Ependymal ciliary dysfunction and reactive astrocytosis in a reorganized subventricular zone after stroke.
Young CC., van der Harg JM., Lewis NJ., Brooks KJ., Buchan AM., Szele FG.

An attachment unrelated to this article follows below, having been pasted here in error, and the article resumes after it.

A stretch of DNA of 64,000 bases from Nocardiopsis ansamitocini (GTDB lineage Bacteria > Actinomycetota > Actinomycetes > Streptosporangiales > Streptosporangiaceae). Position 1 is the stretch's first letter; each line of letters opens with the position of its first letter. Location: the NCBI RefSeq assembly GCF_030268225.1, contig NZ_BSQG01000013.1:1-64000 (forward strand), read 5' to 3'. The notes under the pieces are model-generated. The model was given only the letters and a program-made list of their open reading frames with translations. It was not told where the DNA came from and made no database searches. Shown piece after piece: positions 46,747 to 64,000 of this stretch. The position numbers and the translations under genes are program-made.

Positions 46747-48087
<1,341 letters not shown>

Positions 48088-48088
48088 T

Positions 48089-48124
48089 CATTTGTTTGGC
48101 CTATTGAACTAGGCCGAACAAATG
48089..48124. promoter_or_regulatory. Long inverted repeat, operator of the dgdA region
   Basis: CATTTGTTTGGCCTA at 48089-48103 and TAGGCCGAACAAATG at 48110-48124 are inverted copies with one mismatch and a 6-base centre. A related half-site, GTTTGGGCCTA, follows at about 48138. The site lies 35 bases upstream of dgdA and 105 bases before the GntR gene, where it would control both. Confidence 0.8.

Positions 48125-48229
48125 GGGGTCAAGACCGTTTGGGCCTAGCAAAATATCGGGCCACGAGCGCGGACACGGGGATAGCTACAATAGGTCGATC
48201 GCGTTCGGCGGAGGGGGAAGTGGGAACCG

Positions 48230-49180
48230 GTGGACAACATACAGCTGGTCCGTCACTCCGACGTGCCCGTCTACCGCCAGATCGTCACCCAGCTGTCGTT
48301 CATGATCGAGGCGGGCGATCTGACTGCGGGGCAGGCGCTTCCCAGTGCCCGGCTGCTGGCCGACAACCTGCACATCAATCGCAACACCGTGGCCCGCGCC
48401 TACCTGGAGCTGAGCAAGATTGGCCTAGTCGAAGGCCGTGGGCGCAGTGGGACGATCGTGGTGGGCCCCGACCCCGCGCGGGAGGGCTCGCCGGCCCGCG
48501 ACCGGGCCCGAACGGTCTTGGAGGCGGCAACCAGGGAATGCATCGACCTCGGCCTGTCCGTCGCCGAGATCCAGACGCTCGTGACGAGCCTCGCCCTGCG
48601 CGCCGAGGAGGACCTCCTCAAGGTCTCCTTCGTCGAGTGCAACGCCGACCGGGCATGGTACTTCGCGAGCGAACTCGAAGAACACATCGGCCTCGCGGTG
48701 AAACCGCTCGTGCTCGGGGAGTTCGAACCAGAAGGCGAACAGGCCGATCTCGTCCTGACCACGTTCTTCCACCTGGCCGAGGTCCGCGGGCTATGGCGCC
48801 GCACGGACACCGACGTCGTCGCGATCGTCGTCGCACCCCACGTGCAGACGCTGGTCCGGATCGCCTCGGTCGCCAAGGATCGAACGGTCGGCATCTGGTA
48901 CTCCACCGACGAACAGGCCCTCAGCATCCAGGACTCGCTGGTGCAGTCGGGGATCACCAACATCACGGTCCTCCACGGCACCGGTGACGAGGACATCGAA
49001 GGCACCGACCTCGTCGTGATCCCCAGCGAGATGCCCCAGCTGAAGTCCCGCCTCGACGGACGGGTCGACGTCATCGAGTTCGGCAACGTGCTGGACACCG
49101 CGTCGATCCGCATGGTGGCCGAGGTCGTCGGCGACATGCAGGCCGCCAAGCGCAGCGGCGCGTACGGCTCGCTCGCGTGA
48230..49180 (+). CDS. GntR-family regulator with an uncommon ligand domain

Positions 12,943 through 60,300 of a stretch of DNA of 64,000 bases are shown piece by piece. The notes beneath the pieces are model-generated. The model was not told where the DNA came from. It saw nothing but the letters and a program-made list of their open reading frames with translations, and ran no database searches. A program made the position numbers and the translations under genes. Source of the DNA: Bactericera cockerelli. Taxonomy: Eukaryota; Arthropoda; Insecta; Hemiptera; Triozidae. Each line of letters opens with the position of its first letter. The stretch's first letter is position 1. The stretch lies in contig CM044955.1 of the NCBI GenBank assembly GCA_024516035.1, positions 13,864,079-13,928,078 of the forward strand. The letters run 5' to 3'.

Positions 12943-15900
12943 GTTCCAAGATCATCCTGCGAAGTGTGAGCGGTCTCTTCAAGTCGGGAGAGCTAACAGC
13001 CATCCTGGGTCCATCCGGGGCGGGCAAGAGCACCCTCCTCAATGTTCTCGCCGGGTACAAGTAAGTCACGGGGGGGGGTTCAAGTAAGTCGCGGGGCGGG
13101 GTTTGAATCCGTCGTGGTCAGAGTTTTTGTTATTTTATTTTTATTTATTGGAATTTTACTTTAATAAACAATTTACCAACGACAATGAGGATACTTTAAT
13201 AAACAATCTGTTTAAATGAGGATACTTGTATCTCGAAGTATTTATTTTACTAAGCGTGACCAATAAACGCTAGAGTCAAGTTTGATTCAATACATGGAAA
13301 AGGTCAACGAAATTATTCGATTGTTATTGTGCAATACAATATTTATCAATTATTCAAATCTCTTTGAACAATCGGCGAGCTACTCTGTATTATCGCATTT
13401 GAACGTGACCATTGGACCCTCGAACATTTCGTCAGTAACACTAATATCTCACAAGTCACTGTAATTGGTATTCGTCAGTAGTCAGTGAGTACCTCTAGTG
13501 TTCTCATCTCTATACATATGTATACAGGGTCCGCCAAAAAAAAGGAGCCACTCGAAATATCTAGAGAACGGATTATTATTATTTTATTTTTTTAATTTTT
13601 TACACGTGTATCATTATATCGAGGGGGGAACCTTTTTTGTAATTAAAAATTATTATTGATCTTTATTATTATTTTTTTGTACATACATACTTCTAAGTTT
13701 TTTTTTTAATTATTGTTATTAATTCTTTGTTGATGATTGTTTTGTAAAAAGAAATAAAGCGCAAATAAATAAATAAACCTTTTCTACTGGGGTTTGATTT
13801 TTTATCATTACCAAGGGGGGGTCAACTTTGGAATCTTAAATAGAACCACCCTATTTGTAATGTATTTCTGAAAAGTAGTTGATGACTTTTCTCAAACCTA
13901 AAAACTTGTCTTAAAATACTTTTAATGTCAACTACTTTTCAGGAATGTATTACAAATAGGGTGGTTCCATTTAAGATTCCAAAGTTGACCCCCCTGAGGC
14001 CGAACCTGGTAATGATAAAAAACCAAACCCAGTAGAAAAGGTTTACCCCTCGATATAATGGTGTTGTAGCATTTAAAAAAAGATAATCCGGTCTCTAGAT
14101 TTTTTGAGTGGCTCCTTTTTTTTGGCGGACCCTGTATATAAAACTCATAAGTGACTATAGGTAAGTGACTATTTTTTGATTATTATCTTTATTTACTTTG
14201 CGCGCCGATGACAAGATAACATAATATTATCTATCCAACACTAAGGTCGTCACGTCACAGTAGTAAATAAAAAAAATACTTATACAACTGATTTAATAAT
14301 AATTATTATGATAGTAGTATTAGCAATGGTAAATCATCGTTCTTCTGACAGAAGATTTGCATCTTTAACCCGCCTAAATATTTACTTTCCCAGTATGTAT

Subventricular zone (SVZ) astrocytes and ependymal cells are both derived from radial glia and may have similar gliotic reactions after stroke. Diminishing SVZ neurogenesis worsens outcomes in mice, yet the effects of stroke on SVZ astrocytes and ependymal cells are poorly understood. We used mouse experimental stroke to determine if SVZ astrocytes and ependymal cells assume similar phenotypes and if stroke impacts their functions. Using lateral ventricular wall whole mount preparations, we show that stroke caused SVZ reactive astrocytosis, disrupting the neuroblast migratory scaffold. Also, SVZ vascular density and neural proliferation increased but apoptosis did not. In contrast to other reports, ependymal denudation and cell division was never observed. Remarkably, however, ependymal cells assumed features of reactive astrocytes post stroke, robustly expressing de novo glial fibrillary acidic protein, enlargening and extending long processes. Unexpectedly, stroke disrupted motile cilia planar cell polarity in ependymal cells. This suggested ciliary function was affected and indeed ventricular surface flow was slower and more turbulent post stroke. Together, these results demonstrate that in response to stroke there is significant SVZ reorganization with implications for both pathophysiology and therapeutic strategies.